Wednesday, July 13, 2011

Increasing Taxes on the Wealthy Not A Panacea (Part II)

At the end of my previous post, I asked what should be taxed instead of luxury goods or services.  If a tax must be levied on a population (for whatever reason), ideally, it will be efficient.  That is, the tax will cause the least amount of deadweight loss (foregone economic activity) in society.  Generally, the most efficient tax is a lump-sum tax.  Why?  Look at what a lump-sum tax does to your incentive to purchase goods and services.  Can you avoid the tax?  No.  Does the tax make you substitute away from one good towards another?  No.  So, none of society’s resources are devoted to avoiding the tax.  You just pay it because you exist.

Margaret Thatcher toyed with implementing a “Head Tax” in Britain during the 1970’s.  It was met with strong resistance.  People found the idea of being taxed for literally having a head repugnant.  But, the tax was efficient, it would have caused the least amount of damage to society (did not distort incentives, did not cause deadweight loss) when compared to other taxes.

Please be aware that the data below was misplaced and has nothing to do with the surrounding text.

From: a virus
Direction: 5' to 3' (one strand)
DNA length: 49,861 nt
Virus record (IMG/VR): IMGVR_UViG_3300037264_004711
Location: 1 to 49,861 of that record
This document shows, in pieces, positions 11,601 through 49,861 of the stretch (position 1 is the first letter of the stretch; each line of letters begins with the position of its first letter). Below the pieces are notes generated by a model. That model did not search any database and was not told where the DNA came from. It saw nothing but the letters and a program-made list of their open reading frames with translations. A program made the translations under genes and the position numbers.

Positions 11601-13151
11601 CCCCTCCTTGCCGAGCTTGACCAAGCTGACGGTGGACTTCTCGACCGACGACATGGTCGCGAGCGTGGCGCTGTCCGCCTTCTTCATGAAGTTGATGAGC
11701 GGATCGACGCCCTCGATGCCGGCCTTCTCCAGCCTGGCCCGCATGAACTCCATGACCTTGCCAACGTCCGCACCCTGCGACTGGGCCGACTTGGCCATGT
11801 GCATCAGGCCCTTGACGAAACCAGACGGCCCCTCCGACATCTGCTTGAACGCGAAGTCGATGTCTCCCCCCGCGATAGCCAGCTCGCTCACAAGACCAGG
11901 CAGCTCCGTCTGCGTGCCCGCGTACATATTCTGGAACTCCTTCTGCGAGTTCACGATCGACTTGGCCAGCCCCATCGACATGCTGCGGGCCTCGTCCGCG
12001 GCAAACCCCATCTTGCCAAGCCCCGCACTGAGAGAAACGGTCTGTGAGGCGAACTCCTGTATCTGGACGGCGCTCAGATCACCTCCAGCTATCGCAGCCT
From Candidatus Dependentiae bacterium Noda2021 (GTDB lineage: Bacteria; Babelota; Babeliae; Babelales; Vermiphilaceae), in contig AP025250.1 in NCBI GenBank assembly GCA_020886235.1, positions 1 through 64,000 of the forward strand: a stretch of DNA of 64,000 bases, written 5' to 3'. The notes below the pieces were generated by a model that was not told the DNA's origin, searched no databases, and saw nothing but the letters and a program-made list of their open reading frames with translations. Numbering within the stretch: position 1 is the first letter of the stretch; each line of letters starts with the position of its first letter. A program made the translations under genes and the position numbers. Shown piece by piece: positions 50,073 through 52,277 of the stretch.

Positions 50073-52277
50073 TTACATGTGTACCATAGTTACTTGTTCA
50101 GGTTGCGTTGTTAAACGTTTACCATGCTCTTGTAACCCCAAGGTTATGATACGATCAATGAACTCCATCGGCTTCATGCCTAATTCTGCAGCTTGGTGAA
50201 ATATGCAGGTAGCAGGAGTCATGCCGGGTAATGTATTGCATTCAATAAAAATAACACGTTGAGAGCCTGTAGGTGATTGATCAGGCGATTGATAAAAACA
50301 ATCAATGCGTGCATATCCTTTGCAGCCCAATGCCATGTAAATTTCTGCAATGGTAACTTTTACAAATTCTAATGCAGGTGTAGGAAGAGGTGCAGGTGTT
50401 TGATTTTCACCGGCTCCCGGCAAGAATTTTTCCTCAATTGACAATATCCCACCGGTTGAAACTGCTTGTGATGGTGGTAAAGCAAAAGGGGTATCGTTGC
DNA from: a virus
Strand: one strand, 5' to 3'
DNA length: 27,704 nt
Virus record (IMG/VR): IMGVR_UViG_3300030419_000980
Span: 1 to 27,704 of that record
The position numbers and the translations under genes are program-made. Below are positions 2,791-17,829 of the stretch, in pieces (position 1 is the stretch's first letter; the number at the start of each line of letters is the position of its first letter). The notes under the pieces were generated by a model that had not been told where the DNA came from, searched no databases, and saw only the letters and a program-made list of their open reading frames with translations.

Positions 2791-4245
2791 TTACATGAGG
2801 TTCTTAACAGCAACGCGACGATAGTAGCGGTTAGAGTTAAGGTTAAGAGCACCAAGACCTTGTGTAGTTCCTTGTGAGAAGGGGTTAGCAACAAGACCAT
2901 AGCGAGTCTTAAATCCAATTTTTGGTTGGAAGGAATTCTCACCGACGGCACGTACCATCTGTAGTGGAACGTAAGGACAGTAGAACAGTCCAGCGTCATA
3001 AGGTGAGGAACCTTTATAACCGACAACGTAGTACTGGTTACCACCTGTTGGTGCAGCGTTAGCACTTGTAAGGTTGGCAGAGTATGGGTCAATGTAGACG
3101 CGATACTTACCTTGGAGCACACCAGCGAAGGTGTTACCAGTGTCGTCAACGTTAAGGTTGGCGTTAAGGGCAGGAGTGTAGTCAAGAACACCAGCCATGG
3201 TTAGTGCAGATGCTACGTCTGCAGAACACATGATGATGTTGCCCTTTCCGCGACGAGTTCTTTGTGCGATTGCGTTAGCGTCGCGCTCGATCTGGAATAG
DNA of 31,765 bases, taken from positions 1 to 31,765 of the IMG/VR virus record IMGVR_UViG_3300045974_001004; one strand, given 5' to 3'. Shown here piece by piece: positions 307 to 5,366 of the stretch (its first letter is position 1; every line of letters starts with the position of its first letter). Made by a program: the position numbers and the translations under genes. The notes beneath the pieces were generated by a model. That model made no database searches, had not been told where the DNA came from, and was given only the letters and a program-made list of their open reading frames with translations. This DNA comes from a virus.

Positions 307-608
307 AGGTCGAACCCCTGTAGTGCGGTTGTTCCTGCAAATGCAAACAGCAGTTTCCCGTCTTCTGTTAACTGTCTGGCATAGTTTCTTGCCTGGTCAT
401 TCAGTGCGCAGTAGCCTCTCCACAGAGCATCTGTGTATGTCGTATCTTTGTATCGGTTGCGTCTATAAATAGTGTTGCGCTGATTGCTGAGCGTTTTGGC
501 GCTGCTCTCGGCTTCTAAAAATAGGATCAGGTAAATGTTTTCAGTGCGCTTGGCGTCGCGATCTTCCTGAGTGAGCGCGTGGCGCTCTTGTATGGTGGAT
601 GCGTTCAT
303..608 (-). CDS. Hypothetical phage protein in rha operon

Is there anything like the “Head Tax” in the United States?  Well…not exactly.  But, we do have an income tax.  While we do not get taxed for being alive, we do get taxed for trying to make that life enjoyable and not poverty-ridden.  However, as I’ll explain later, we still get a bit of deadweight loss associated even with an income tax, especially at higher levels of income.  

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